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At this time The Spamhaus Project is getting more press enquiries than we can personally respond to. Below is a list with the most frequently asked questions, along with our answers. If you are in need of any additional information please do not hesitate to contact us but we cannot guarantee a quick response. Our staff are almost all investigators and engineers who focus on dealing with spam and malware issues.Is this the biggest attack ever?
It certainly is the biggest attack ever directed at Spamhaus. Many organizations are not open about the fact that they are attacked at all, let alone about techniques or traffic volumes used in the attack. Spamhaus understands their business and security concerns. However, we feel it is in the best interest of the Internet as a whole to openly discuss the DDoS cyberthreat and ways to resolve it. For that reason, when our DDoS mitigation service provider CloudFlare asked for our permission to discuss the attacks, we consented.
Cloudflare wrote two very interesting blog articles about the attacks:
The first is a few days old. As explained in the second blog, attack volumes increased in later attacks. The first blog provides an accurate and detailed explanation about this type of DNS amplification attack.Can big attacks cause issues for other parties?
Certainly. Core internet infrastructure may be overwhelmed by the amount of traffic involved in an attack. When that happens, all traffic that passes through that part of the Internet is impacted. Compare it to a big highway: If a traffic jam gets big enough, the on-ramps will slow down and fill up, and then the roads to the on-ramps will fill up too. Attacks can be directed at core infrastructure precisely to inflict such collateral damage. With this attack, some collateral damage may have been seen locally, all depending on where you connect to the internet and when you look.Is the attack still ongoing?
Like almost every piece of infrastructure on the internet, we are constantly under attacks of various scales. At this time, the attacks against our servers have subsided and the sizes are smaller. However, attacks do not just come and go. They also change in nature all the time. We try to be ready for the next attack so that we can ensure that our users will be protected and the networks that rely on our service will be kept safe.How can attacks like these be prevented?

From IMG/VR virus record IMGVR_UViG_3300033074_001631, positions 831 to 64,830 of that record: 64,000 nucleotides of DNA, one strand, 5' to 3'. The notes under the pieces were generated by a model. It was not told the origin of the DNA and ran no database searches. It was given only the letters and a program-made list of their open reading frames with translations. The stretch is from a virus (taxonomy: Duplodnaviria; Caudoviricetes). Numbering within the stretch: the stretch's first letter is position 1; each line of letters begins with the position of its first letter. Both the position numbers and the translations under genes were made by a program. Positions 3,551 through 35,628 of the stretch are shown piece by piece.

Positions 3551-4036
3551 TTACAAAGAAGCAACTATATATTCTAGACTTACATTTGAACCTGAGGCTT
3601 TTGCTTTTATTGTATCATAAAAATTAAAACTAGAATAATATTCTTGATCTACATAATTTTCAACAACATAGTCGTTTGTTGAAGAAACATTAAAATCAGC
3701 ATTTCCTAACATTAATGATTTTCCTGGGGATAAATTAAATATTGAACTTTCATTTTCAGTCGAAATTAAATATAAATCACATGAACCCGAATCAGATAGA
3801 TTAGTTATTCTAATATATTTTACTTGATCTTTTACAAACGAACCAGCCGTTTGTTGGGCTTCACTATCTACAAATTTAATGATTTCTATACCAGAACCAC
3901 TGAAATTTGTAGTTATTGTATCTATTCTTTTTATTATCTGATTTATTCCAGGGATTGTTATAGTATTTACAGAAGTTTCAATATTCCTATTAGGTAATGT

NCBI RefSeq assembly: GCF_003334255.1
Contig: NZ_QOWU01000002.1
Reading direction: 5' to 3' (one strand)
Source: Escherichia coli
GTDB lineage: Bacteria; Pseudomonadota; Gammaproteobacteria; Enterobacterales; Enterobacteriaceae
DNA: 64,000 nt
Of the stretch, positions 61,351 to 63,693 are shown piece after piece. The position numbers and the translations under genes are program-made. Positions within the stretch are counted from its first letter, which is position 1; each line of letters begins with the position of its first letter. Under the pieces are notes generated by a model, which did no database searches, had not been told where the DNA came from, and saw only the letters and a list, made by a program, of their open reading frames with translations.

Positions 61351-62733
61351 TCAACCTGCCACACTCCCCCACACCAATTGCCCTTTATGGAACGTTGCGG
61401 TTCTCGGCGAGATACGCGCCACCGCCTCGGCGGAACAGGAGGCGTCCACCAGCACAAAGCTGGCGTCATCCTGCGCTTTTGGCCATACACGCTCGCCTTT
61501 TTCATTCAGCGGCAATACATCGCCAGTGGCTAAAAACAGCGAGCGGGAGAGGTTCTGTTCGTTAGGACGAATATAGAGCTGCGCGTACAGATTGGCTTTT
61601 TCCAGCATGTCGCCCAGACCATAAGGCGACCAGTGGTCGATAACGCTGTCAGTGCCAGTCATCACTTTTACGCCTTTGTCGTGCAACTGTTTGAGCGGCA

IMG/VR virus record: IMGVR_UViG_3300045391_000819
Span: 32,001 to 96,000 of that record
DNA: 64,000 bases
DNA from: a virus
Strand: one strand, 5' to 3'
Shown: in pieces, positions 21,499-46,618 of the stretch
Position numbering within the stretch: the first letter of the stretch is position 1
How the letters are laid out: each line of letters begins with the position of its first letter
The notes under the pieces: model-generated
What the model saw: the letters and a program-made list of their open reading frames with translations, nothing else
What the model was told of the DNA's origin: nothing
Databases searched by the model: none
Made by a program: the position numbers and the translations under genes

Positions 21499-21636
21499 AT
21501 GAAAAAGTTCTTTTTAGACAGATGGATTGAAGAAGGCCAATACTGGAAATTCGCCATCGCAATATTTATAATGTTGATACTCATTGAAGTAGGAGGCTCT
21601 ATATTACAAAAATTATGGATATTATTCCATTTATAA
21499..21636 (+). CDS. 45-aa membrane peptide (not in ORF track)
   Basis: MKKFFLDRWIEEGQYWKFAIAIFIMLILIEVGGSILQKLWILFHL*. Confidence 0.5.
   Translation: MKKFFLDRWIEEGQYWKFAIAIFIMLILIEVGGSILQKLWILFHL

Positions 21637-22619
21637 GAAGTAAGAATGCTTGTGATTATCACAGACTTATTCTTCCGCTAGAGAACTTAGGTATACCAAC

Preventing attacks like these depends on two key technical measures. First, all networks should ensure that they do not allow traffic to leave their network that has "spoofed" (forged) sending addresses. Without the ability to spoof traffic there would be no reflection attacks possible. Secondly, open DNS resolvers (or for that matter, any other open and abusable internet resource) should be locked down and secured.
These attacks should be a call-to-action for the Internet community as a whole to address and fix those problems.Do you know who is attacking you?
A number of people have claimed to be involved in these attacks. At this moment it is not possible for us to say whether they are really involved.How and to whom is Spamhaus accountable?
Some people have claimed that Spamhaus is not accountable and can just censor anything we want. That is not the case. Not only do we have to operate within the boundaries of the law, we are also accountable to our users. If we started advising our users not to accept email from senders whose email they actually want to receive, they would quickly stop using our data because it would not meet their needs. We take pride in the quality of our data, and the fact that the biggest ISPs and networks all over the world use our data is a testament to its quality. The Spamhaus Project has been providing anti-spam advisory data for over 12 years without interruption.
Media requests (only!) are handled at firstname.lastname@example.org
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